Settling is about a trade-off – accepting something lesser than what may be ideal, in order to fulfill a need, usually in the shorter term.
But why do we settle for what we do? I think there are a lot of reasons, and not all of them are bad, but some can definitely reveal a lot about how we view ourselves. (There is the opposite end of the spectrum, too – an unreasonable sense of entitlement – feel free to learn about some extreme examples here, but more on that in another post.)
- We settle for marrying a psychologically/verbally/physically/financially abusive or addicted partner because we feel if they won’t marry us, no one else will.
- We settle for casual sexual encounters, even though what we want is a committed relationship, because we are lonely.
- We don’t stick up for ourselves or others when there is abuse or bullying because we don’t want to lose a relationship, even if it’s a crappy one, again, because we are lonely, want to fit in, or think we deserve to be treated poorly.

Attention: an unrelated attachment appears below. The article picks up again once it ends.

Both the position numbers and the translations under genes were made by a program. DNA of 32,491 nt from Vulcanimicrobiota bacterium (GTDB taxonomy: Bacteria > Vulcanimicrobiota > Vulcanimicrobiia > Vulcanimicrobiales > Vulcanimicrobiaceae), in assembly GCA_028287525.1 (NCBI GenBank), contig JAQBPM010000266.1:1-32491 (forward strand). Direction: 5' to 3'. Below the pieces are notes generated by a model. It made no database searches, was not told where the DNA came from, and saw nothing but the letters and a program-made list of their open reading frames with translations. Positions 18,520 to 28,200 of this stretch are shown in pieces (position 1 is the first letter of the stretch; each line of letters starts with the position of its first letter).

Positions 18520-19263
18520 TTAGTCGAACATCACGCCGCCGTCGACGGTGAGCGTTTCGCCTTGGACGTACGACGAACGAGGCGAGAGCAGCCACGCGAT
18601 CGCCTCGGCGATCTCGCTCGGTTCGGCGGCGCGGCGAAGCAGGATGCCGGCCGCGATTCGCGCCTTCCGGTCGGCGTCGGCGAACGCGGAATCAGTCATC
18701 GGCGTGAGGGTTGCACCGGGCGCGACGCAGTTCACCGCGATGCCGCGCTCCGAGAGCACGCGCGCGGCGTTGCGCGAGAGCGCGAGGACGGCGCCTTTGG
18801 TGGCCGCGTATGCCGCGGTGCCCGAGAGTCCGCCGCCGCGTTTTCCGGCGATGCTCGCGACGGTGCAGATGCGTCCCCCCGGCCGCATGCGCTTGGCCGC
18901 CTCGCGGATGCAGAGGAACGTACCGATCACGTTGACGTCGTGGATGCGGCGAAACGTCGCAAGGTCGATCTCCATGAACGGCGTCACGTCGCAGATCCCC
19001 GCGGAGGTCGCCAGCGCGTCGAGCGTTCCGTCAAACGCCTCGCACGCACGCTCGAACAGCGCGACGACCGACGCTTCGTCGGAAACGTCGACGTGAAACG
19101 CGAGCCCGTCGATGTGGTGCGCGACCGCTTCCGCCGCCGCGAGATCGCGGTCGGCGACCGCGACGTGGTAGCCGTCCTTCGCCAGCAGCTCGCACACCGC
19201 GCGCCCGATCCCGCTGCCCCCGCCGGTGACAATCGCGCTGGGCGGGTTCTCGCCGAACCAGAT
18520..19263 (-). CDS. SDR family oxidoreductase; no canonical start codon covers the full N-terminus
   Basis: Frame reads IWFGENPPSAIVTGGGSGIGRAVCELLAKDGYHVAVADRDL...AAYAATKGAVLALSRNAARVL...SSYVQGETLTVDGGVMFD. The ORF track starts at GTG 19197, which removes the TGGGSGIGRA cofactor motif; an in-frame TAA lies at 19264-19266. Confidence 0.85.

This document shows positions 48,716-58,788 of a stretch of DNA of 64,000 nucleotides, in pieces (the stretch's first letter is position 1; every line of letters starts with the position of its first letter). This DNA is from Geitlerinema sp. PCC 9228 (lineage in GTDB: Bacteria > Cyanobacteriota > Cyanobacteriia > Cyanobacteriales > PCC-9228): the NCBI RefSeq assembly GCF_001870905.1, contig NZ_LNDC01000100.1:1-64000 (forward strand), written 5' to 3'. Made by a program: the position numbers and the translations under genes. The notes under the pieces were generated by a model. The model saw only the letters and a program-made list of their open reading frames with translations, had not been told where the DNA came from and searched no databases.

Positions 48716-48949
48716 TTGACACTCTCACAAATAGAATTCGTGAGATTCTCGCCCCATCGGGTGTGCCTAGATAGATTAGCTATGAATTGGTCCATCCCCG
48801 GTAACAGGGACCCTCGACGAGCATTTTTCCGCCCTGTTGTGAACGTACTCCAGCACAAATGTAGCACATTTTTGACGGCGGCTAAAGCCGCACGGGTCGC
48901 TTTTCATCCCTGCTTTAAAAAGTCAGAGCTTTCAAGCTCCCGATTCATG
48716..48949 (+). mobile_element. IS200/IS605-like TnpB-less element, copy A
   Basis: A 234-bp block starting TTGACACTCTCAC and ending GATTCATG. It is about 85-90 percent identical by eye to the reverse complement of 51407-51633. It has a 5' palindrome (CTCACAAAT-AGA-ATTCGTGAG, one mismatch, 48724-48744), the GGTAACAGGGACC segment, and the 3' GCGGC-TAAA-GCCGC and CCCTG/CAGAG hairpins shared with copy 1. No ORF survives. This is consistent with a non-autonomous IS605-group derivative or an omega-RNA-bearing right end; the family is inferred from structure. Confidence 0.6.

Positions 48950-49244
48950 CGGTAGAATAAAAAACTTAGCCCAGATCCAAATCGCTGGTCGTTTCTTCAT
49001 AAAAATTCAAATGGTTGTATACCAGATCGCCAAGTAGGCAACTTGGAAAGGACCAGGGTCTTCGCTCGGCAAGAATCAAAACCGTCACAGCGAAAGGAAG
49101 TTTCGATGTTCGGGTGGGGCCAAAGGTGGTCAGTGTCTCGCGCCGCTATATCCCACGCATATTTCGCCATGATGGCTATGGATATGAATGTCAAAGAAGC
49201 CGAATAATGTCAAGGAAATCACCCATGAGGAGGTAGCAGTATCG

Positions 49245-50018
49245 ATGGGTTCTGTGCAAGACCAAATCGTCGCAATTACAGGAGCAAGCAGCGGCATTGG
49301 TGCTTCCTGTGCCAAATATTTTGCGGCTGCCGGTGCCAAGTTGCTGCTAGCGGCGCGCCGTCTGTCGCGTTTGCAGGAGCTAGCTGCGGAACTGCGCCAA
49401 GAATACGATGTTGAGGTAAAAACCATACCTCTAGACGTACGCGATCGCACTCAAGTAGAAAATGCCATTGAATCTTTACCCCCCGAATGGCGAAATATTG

- We settle for the mini-van instead of the sports car, because it’s the best thing for transporting the kids to their activities.
- We settle for a lesser paying job that we enjoy and that gives us more time with our loved ones, instead of a high-paying job that leaves us no spare time and stresses us unreasonably.
- We settle for a slightly higher interest rate on a fixed mortgage rather than a cheaper variable one, so we can better manage a budget.
Settling isn’t necessarily bad, if it is done for the right reasons. But if settling involves giving away important parts of yourself, or putting up with abuse, in order to “meet” emotional needs, it can be very damaging and will perpetuate a nasty downspiral of self-esteem – self-esteem that probably isn’t at an ideal level to begin with.
So what have you settled for in your life that turned out not to be a good trade-off? What were you feeling at the time you made that decision?
I will share a little more about my own journey in my next post.